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Barnes v. Hotel Corp.

Supreme Court of North Carolina
Jan 1, 1949
51 S.E.2d 180 (N.C. 1949)


(Filed 7 January, 1949.)

1. Negligence § 4f (2) —

An innkeeper is required only to exercise due care to keep his premises in a reasonably safe condition and to give his guests warning of any hidden peril.

2. Negligence § 4d —

Evidence that plaintiff slipped and fell upon a waxed or polished floor and that her heel left a "deep furrow" or "skid mark" on the floor, is insufficient to overrule defendant's motion to nonsuit in the absence of evidence that any unusual material was used on the floor or that it had been applied in an improper, unusual or negligent manner, since res ipsa loquitur does not apply.

APPEAL by plaintiff from Bobbitt, J., at September Term, 1948, of GUILFORD, Greensboro Division.

King King and R. M. Robinson for plaintiff.

Smith, Wharton, Sapp Moore for defendant.

This is a civil action to recover for personal injuries, which the plaintiff alleges she sustained on 29 November, 1946, as the result of a fall caused by a heavy coat of wax on the composition and marble floor in the vestibule at the entrance to the elevators on the third floor of the O. Henry Hotel, in Greensboro, N.C.

The plaintiff testified she was a regular guest of the hotel, having lived there for nearly twelve years. She came out of her room on the above date, about 4:00 p.m., and walked over the strip of carpet in the hall to the vestibule or elevator entrance. When she got to the elevator entrance she looked at the whole area and saw nothing out of the ordinary. As she put her left foot on the marble strip her left heel shot out from under her and it went in sort of "diagonal position to the left. . . . When I got myself up in a little bit, I looked around to see what happened and I saw what looked to me like a deep furrow from where my left heel had struck the marble, . . . and I punched the bell and went down on the elevator . . ., got off the elevator, and stopped and talked to Mr. Padgett, the assistant manager of the hotel, at the desk. He then went back upstairs with me. When we got back upstairs I showed him the condition I have just stated to the jury, including the skid mark. . . . He said, `You go on to your room until the doctor comes, and I'll have this cleaned up right away.'"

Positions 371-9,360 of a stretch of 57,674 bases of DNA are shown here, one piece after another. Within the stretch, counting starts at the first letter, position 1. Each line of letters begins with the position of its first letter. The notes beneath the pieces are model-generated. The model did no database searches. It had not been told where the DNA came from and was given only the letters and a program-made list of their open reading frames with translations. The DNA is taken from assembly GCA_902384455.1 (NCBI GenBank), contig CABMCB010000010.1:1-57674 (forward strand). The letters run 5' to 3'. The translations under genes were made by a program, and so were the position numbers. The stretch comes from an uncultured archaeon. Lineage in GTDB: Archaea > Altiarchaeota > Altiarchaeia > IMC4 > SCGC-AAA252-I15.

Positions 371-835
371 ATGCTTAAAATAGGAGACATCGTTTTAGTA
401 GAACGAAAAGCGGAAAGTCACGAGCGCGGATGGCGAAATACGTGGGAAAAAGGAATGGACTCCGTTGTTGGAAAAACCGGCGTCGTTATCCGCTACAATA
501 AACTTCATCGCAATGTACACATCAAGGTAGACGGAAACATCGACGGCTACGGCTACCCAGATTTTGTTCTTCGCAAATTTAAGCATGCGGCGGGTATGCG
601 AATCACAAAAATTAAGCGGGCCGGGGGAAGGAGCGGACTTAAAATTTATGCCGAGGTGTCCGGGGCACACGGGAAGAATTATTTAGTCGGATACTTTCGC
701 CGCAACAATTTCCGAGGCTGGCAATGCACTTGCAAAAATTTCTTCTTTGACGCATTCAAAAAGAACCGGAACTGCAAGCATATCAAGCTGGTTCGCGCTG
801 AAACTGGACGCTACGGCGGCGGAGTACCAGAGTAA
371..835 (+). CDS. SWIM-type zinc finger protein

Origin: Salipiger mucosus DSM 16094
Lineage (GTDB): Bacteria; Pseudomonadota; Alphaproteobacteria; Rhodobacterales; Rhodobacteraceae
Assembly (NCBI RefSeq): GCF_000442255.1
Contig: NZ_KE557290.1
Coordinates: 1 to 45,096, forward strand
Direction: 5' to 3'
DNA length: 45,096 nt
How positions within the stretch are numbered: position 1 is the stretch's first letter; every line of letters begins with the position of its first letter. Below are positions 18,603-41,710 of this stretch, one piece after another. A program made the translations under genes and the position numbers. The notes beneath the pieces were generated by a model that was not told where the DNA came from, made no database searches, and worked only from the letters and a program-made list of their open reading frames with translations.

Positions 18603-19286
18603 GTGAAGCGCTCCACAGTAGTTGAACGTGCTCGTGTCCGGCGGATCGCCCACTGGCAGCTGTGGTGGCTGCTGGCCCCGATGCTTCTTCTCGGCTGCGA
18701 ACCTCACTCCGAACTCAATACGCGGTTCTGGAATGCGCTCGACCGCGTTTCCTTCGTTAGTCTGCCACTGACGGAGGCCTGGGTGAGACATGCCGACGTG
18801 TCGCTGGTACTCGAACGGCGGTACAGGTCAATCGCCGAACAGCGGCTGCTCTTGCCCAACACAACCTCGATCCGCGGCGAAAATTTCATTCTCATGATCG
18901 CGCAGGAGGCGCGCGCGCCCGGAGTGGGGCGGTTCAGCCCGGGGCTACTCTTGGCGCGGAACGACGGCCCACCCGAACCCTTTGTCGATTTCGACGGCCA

The plaintiff further testified that she had gone over the marble and composition floor in this vestibule probably more than seven thousand times; that she had been by this place three, four, five or six times a day for more than ten years; that at this particular time when she approached it, its appearance was no different than at other times, in so far as she could see.

At the close of plaintiff's evidence, the defendant moved for judgment as of nonsuit. The motion was granted and the plaintiff appeals and assigns error.

Did the court below commit error in granting the defendant's motion for judgment as of nonsuit? We do not think so.

An innkeeper is not an insurer of the personal safety of his guests. He is only required to exercise due care to keep his premises in a reasonably safe condition and to give his guests or invitees warning of any hidden peril. Schwingle v. Kellenberger, 217 N.C. 577, 8 S.E.2d 918; Sams v. Hotel Raleigh, 205 N.C. 758, 172 S.E. 371; Jones v. Bland, 182 N.C. 70, 108 S.E. 344; Patrick v. Springs, 154 N.C. 270, 70 S.E. 395; 43 C. J. S. Innkeepers, Sec. 22, p. 1173; 28 Amer. Jur., Innkeepers, Sec. 56, p. 578.